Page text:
We had so much fun at the jetty in the wild weather in December–see the following blog posts here, here, here, and here, that I am flying back to New Jersey for more. Since there were lots of Harlequins, Long-tailed Ducks, and Purple Sandpipers we decided to put together another small group. Do consider joining us. As for me, I can’t wait to get back.
BIRDS AS ART/Barnegat Jetty IPT II, Barnegat Light, NJ: 2 1/2 DAYS. JAN 18 (1:30pm), 19, and 20, 2012: $999. Limit 8/Openings: 6. Includes 5 photo-sessions, both lunches, introductory slide program, image review, sharing, editing, and Photoshop.
Note: On cloudy days we grab a quick lunch and spend most of the day photographing.
Join Denise Ippolito and Arthur Morris for a 2 1/2 Day Instructional Photo-Tour at the infamous Barnegat Jetty in Barnegat Light, New Jersey. You will learn how to get close to the ducks and shorebirds that frequent this famed winter birding and photography hotspot, how to get the right exposure every time, and how to see, understand, and tackle a variety of photographic situations. We should have some excellent chances with Harlequin Duck and Purple Sandpiper, the two headliner species. With any luck we should get to photograph most of these species: Long-tailed Duck (formerly Oldsquaw), Common Loon, Red-throated Loon, Red-breasted Merganser, Surf Scoter, Black Scoter, Common Eider, Brant, Dunlin, Ruddy Turnstone, Black-bellied Plover, and Sanderling. Great Black-backed, Herring, and Ring-billed Gulls are also likely. Sunning Harbor Seals are possible. With the right winds we may have some good flight photography with the sea ducks.
Having at least a 500mm f/4 lens with a 1.4X teleconverter is recommended. Participants should be in good physical condition with a good sense of balance. $500 non-refundable credit card deposit by phone: 1-863-692-0906. Weekends OK.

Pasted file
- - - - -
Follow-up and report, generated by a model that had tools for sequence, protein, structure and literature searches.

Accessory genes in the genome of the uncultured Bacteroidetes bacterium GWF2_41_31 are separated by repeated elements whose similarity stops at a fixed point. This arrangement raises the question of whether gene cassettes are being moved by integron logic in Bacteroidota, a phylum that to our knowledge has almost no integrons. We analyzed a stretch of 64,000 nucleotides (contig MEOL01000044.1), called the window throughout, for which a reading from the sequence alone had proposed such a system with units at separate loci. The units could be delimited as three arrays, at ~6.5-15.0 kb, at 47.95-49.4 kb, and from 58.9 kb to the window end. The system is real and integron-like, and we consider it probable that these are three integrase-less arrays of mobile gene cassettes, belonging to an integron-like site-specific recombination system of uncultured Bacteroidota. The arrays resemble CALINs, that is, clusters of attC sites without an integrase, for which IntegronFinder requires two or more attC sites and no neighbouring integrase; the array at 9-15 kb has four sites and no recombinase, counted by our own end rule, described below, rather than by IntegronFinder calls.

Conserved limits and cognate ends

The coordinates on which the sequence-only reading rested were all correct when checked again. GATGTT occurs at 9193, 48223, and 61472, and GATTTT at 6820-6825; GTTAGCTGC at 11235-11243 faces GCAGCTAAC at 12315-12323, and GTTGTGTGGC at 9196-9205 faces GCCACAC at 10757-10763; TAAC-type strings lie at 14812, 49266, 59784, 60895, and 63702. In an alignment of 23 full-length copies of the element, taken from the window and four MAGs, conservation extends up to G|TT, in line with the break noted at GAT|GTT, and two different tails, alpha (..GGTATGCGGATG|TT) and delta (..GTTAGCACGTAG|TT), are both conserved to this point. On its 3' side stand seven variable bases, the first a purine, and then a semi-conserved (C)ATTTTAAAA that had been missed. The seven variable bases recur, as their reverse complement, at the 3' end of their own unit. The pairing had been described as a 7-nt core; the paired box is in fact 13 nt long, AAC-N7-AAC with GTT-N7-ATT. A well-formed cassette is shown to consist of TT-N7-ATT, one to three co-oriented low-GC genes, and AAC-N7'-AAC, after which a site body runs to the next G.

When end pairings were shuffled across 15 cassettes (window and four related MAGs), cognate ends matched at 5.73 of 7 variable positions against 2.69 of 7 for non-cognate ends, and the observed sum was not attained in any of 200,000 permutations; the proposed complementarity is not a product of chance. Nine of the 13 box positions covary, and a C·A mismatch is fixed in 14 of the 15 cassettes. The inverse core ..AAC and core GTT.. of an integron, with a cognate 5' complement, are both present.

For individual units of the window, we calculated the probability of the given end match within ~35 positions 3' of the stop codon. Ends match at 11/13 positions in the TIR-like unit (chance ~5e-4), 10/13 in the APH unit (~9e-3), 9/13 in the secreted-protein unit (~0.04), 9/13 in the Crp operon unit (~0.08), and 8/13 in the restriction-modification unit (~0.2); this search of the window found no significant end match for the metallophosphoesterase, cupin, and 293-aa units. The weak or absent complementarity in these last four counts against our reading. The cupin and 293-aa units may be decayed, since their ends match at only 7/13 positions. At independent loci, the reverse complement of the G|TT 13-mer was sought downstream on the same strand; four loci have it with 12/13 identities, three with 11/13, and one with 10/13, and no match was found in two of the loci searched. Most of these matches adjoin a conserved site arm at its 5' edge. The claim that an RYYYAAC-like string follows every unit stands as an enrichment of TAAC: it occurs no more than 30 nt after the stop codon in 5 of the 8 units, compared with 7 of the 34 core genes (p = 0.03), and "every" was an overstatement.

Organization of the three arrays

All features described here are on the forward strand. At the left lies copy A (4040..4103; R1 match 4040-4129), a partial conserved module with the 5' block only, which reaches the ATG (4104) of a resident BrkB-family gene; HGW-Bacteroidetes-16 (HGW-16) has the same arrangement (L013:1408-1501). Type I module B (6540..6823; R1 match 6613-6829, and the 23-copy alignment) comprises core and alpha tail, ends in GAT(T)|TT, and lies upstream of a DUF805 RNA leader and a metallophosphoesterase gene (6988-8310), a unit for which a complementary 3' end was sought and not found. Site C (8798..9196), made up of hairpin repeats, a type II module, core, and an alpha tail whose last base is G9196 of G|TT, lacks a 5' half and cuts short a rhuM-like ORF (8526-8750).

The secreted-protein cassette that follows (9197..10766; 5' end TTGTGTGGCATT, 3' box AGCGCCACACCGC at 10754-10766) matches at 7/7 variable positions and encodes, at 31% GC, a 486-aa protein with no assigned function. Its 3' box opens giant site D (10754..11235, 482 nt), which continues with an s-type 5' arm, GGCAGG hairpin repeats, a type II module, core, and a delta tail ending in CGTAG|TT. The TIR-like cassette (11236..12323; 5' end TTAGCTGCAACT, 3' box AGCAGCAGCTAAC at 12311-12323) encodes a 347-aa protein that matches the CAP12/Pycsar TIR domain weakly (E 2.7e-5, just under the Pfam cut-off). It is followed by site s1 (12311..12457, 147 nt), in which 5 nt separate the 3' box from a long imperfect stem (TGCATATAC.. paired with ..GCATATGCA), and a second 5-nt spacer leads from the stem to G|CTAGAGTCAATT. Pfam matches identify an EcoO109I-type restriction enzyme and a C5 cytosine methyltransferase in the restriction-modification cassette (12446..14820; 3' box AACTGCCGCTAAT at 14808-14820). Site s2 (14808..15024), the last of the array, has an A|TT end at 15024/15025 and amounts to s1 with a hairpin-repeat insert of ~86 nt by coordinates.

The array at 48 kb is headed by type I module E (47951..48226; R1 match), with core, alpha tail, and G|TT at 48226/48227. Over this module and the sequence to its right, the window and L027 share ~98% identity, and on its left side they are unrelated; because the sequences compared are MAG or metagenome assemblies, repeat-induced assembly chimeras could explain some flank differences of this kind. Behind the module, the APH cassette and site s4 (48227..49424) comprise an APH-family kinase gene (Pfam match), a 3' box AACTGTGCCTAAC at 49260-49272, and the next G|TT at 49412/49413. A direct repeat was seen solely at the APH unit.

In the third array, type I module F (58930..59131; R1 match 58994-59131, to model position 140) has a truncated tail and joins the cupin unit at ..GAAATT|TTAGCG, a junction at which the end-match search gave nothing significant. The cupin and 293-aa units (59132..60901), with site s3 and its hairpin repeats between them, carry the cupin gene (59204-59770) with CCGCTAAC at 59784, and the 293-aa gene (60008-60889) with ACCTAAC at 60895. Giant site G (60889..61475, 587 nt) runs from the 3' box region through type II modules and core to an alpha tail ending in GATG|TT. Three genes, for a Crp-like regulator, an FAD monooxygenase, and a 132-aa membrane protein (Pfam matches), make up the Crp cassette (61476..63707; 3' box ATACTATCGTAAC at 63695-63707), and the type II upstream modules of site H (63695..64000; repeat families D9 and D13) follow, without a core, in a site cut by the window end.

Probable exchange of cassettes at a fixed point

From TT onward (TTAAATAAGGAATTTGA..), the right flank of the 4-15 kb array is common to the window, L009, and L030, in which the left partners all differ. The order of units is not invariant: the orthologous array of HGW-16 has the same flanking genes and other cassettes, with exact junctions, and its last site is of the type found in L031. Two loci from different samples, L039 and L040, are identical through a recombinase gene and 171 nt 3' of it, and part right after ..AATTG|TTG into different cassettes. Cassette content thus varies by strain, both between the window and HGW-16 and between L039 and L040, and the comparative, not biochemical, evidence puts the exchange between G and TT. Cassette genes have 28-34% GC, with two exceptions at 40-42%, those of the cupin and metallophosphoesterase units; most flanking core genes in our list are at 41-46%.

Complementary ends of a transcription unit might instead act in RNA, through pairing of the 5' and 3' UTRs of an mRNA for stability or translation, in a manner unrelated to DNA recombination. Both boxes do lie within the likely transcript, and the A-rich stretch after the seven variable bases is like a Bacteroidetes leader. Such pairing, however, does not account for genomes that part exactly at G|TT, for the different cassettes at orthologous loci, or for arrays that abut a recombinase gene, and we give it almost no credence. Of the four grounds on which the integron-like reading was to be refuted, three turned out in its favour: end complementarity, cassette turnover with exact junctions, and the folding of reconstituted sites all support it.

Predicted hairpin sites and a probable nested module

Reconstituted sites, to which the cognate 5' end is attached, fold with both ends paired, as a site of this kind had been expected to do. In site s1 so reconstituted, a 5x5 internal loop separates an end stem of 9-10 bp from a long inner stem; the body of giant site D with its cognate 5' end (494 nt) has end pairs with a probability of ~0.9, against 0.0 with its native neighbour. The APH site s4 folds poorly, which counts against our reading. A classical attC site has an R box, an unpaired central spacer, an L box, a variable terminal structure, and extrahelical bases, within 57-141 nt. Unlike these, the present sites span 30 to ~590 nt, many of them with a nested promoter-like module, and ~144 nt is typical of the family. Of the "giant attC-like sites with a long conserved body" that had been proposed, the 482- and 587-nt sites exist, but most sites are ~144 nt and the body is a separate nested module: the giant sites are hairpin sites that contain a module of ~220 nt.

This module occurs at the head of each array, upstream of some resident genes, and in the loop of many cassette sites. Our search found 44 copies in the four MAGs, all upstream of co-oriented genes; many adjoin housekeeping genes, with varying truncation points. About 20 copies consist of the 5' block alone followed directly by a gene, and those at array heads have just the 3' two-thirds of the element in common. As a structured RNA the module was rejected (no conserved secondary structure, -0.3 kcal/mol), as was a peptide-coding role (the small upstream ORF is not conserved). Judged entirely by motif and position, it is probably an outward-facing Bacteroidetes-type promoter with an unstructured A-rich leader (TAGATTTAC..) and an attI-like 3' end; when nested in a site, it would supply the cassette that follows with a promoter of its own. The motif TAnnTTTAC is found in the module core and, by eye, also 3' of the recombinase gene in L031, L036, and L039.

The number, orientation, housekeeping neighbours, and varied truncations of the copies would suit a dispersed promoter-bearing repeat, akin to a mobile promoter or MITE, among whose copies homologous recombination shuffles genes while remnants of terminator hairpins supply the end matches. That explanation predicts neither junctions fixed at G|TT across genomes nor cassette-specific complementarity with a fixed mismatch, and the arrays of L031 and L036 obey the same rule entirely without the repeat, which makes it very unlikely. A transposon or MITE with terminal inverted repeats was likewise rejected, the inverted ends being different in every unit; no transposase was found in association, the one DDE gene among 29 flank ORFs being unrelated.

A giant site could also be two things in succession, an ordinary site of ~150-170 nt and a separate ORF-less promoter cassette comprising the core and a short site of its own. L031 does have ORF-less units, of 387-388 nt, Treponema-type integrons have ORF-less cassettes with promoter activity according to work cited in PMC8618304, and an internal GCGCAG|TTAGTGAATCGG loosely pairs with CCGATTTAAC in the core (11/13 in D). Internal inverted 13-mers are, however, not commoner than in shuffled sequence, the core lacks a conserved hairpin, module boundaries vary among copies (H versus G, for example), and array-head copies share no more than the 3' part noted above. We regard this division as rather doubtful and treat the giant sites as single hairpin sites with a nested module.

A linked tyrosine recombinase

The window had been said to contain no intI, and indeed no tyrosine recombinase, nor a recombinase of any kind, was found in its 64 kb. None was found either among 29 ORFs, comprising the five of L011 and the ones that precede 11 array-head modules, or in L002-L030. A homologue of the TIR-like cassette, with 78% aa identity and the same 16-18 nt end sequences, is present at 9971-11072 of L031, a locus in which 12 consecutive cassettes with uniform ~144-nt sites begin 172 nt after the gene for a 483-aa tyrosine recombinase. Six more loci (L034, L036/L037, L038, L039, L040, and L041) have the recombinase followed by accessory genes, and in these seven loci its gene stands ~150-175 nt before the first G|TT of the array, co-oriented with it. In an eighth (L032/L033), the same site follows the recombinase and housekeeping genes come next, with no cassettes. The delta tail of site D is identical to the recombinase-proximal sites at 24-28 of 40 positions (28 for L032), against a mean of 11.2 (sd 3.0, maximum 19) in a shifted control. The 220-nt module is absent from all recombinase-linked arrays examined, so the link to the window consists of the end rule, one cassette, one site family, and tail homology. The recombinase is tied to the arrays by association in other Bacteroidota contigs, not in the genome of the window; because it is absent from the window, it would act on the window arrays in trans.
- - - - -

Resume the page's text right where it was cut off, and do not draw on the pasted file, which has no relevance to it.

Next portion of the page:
Can’t Make the Whole Thing?
If you can’t make the whole thing, you can join what will likely be a small group as follows: Full Day with lunch: $400. Afternoon (1:30-dusk): $250. Call to arrange: 1-863-692-0906. Weekends OK.
Weekend Creative Nature Photography Seminar, Tampa, FL: February 23 & 24, 2013: $149 Limit: 50/Openings: 15
Join Denise Ippolito and me on the weekend of February 23-24 on the outskirts of Tampa, FL for a great weekend of fun and learning. Learn to improve your photography skills, your skill at designing images in the field, your creative vision, and your image optimization skills. Sunday critiquing session. Click here for additional details and the complete schedule.
Best to register soon as the seminar is filling up nicely.
On all blog posts, feel free to e-mail or leave a comment regarding any typos, wrong words, misspellings, or grammatical errors. Just be right.
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LensCoats. I have a LensCoat on each of my big lenses to protect them from nicks and thus increase their re-sales value. All my big lens LensCoat stuff is in Hardwood Snow pattern.
LegCoat Tripod Leg Covers. I have four tripods active and each has a Hardwood Snow LegCoat on it to help prevent further damage to my tender shoulders And you will love them in mega-cold weather….
Gizo GT3532 LS CF Tripod. This one replaces the GT3530LS Tripod and will last you a lifetime. Learn more about this great tripod here.
Mongoose M3.6 Tripod Head. Right now this is the best tripod head around for use with lenses that weigh less than 9 pounds. For heavier lenses, check out the Wimberley V2 head.
Double Bubble Level. You will find one in my camera’s hot shoe whenever I am not using flash.
The Lens Align Mark II. I use the Lens Align Mark II pretty much religiously to micro-adjust all of my gear an average of once a month and always before a major trip. Enjoy our free comprehensive tutorial here.
BreezeBrowser. I do not see how any digital photographer can exist without this program.
Delkin Flash Cards. I use and depend on Delkin compact Flash Cards and card readers most every day. Learn more about their great 700X and 1000X cards here or about my favorite Delkin card here.